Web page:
Private college misses out as student intakes slideLocal | Joey Hung 2 Jun 2016
No Year One student was admitted to the private Hong Kong College of Technology Institute of Higher Education in Ma On Shan this school year, says the Education Bureau.
The post-secondary institution, which had targeted an intake of 25, was the worst affected among 19 self-financing institutions which saw 80 percent of them providing bachelor's degrees drawing fewer freshmen than they had estimated.
Only four institutions among the 19 reach their targets Baptist University School of Continuing Education (126 students), Hong Kong Shue Yan University (1,337), the Hong Kong University of Science and Technology (48) and the Open University of Hong Kong (1,860).
Seven could not even reach 50 percent of the estimated intakes.
Hong Kong Professional Teachers' Union vice president Cheung Yui-fai said the situation may be due to high tuition fees of at least HK$50,000 a year, which creates a great burden for students, and the recognition of the qualifications.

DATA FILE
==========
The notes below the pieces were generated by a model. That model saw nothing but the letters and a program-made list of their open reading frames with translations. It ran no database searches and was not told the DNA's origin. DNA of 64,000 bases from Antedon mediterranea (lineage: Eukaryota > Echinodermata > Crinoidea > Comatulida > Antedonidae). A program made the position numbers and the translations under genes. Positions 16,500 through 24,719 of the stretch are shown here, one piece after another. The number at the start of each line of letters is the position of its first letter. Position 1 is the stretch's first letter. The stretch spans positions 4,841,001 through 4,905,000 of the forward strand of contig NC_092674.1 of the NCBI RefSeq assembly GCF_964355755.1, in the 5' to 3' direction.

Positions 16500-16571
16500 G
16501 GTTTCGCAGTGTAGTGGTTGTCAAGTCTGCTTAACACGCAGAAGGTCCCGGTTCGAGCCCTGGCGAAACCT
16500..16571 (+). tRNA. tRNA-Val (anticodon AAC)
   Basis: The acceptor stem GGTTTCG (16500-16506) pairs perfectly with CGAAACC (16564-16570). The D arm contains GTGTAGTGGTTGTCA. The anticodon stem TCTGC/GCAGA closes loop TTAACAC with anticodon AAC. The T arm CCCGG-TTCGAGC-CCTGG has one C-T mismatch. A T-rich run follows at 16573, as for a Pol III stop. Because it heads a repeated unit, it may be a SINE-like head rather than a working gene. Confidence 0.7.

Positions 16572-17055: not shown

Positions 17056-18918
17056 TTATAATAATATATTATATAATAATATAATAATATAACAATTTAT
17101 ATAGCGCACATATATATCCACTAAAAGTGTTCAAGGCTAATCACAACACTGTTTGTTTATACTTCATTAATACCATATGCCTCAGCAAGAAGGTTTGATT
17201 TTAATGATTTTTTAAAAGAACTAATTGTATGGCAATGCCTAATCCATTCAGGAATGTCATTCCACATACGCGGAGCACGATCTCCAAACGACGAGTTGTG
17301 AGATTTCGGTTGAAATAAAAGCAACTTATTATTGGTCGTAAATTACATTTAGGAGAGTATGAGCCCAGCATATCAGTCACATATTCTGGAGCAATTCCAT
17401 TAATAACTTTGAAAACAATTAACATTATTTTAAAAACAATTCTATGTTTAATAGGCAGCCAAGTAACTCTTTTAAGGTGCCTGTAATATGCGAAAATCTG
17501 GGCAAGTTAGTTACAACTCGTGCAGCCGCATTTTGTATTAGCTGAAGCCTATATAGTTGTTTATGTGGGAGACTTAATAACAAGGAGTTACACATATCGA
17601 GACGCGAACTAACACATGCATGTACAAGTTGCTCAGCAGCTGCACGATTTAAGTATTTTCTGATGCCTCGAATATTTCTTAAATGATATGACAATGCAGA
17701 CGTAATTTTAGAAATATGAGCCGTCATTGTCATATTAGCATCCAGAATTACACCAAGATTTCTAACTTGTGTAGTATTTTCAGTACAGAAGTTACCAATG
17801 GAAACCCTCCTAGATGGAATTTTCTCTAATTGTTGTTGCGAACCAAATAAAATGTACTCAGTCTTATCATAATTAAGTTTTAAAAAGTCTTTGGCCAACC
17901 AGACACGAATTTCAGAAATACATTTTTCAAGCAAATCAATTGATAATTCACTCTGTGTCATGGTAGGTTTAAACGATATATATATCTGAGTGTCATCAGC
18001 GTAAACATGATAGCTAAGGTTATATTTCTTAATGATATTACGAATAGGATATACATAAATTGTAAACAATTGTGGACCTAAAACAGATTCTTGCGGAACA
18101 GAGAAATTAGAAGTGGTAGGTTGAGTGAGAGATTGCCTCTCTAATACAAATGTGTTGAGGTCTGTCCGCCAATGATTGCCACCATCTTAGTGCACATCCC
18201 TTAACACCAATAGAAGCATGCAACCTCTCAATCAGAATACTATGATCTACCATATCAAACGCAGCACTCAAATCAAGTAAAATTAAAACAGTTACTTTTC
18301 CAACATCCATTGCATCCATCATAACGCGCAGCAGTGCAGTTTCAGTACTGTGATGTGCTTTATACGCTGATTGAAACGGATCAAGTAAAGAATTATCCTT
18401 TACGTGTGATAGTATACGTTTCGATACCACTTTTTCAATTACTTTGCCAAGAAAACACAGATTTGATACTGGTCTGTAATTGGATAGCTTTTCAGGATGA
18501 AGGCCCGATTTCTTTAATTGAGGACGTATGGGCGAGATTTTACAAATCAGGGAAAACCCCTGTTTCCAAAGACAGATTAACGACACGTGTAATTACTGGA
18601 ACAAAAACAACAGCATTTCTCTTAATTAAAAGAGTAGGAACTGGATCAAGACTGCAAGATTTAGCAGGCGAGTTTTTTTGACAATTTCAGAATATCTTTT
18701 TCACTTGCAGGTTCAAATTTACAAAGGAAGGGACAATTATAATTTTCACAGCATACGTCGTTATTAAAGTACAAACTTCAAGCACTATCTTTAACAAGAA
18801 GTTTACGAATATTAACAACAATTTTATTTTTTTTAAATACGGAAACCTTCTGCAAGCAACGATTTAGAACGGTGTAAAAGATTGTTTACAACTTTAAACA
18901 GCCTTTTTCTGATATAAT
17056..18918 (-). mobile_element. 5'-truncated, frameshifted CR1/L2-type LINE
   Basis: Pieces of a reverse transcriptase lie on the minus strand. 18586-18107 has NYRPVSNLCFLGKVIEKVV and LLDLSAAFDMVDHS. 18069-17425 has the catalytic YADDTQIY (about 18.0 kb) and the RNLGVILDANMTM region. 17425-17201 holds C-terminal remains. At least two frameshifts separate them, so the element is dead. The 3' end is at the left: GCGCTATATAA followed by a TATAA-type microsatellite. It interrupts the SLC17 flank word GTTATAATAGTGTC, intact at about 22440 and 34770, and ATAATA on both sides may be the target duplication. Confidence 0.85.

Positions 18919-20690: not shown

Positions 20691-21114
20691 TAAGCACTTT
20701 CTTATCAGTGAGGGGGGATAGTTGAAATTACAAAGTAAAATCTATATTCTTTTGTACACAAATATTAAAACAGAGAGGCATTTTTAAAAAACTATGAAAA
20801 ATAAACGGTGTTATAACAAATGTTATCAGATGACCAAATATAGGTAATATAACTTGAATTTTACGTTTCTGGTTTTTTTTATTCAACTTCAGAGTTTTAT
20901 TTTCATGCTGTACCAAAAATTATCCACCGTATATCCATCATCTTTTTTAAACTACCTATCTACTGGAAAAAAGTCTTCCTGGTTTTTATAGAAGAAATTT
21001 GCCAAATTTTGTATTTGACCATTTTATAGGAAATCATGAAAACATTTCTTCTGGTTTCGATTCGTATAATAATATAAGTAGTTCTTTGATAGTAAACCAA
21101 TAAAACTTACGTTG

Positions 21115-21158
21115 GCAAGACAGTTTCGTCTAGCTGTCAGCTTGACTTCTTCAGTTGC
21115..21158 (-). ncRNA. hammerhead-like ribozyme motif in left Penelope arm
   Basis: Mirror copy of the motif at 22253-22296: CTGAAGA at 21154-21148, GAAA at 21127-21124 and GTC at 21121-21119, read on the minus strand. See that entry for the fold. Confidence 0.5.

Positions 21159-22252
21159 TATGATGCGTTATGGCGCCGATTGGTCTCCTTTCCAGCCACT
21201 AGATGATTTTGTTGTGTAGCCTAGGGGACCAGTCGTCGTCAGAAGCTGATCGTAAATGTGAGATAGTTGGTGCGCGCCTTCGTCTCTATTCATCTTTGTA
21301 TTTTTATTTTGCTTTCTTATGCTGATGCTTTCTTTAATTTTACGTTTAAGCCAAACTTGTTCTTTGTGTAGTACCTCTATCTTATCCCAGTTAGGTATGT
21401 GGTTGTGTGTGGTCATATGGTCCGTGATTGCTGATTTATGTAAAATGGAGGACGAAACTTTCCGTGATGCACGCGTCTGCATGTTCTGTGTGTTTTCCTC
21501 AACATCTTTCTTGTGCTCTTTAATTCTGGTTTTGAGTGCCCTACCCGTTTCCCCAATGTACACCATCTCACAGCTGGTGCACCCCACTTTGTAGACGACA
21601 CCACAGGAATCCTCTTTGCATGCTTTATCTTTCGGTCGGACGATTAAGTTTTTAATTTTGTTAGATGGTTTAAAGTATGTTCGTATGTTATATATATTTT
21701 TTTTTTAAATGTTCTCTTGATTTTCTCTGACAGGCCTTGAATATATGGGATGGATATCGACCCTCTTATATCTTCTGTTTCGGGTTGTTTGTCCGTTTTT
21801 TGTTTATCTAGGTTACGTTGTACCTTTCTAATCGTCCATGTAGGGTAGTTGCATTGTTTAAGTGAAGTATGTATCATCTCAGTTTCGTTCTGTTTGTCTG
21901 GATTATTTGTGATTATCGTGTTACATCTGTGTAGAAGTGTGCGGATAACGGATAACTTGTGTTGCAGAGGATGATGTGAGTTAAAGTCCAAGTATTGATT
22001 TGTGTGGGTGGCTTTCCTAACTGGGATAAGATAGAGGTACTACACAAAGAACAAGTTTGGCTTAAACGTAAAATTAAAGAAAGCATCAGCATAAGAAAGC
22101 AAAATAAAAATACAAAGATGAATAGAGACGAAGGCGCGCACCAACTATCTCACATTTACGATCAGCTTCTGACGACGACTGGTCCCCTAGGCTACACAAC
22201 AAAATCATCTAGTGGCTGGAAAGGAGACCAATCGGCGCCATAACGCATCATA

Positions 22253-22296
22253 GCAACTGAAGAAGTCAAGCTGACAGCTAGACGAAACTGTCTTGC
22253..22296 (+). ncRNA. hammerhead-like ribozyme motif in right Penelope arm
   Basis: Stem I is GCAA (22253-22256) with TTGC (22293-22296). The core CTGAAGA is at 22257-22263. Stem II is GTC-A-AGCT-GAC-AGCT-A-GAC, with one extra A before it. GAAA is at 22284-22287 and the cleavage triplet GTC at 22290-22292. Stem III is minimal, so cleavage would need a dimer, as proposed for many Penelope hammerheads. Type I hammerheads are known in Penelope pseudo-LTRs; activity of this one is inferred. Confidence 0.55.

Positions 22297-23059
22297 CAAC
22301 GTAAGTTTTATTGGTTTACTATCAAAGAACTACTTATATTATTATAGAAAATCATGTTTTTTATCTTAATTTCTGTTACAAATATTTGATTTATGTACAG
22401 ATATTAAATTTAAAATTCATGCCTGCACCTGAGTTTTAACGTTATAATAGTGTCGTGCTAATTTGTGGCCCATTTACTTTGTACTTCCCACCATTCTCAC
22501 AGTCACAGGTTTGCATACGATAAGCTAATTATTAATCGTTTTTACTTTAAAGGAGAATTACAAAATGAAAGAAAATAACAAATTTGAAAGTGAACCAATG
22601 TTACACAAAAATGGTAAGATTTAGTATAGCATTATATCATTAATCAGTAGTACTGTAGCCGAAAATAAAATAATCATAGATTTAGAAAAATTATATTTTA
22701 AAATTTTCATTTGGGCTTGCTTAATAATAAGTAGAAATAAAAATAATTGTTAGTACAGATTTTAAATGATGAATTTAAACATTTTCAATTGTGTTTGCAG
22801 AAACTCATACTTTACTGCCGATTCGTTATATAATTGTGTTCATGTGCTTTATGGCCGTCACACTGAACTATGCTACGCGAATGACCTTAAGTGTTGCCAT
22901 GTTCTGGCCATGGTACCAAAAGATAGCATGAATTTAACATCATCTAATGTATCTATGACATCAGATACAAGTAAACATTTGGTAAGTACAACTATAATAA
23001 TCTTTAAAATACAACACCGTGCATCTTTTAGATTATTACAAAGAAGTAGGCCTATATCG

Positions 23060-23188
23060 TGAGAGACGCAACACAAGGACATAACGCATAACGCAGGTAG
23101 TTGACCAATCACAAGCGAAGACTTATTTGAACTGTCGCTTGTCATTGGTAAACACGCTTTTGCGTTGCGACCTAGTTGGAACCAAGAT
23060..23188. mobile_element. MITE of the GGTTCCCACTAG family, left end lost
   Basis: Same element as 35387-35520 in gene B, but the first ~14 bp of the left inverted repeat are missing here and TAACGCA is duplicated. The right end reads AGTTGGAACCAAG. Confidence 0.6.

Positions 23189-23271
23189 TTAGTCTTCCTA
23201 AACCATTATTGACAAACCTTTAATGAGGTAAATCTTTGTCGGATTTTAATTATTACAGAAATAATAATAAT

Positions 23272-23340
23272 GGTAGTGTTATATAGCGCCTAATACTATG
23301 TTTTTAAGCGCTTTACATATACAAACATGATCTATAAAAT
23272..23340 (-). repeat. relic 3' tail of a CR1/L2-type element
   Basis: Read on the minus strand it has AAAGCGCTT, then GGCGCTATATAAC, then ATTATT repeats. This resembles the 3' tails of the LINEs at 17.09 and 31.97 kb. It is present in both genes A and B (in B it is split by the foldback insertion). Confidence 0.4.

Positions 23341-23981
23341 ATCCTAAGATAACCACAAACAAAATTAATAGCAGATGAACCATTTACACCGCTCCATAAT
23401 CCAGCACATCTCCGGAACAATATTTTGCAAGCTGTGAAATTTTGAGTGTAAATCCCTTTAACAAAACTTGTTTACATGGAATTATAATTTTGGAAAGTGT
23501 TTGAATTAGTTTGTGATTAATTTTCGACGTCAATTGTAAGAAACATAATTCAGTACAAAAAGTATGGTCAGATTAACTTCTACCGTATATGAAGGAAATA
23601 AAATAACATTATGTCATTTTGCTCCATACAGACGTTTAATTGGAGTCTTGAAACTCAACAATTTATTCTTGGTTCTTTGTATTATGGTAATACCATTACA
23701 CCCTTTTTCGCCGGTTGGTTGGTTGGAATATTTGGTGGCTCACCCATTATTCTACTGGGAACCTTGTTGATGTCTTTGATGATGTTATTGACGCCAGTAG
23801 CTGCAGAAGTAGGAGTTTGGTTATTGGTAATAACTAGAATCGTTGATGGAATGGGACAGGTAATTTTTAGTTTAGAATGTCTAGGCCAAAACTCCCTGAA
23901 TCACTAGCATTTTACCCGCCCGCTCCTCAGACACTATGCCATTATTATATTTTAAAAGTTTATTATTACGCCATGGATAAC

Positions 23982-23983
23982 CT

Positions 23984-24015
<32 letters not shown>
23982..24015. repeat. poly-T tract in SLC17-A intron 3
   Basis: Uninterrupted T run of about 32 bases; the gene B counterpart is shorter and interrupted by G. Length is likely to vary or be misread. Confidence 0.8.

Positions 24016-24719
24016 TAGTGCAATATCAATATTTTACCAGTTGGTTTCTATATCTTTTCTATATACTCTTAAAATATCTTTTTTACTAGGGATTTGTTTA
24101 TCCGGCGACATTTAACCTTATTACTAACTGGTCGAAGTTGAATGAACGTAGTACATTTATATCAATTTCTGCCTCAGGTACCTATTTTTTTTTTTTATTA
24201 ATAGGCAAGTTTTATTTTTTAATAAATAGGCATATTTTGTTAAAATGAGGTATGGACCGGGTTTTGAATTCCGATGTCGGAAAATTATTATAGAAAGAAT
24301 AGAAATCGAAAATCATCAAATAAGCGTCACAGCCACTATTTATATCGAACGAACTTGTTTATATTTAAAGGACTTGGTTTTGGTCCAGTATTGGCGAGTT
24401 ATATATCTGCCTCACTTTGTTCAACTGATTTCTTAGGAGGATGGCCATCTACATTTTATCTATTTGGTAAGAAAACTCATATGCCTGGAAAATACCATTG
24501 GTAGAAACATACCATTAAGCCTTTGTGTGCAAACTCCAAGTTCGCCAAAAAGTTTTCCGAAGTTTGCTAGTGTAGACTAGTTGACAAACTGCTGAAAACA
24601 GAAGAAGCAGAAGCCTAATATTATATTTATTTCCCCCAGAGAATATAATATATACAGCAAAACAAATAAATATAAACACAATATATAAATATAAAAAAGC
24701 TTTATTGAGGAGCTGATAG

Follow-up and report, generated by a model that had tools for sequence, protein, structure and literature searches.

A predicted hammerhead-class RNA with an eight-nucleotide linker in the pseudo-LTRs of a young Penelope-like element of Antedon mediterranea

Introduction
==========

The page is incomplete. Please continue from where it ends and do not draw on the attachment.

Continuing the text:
He also said that some of the institutions do not have a long history in Hong Kong, which may also affect their admission rate.
Secretary for Education Eddie Ng Hak-kim told the Legislative Council meeting in a written reply yesterday that the number of Hong Kong Diploma of Secondary Education graduates in the 2016-17 academic year will be 52,100. This will decline to 43,500 in 2020-21.
Lawmaker Ip Kin-yuen said the admission rate is highly related to the number of HKDSE graduates in Hong Kong.
"It is possible that the schools overestimated their student intake; however, they could not attract students," he said.
The four institutions which have full intakes are among the University Grants Committee- funded universities, Ip said.
"They have an advantage as people feel confident of the universities," Ip said.
He said that the situation of underenrollment will continue in the future and may lead to closure of some of these self-financing schools.
To solve the problem, Ip suggested the government provide subsidies for students in the self-financing post-secondary institutions.
Even students who continue college in the mainland are being subsidized, he added.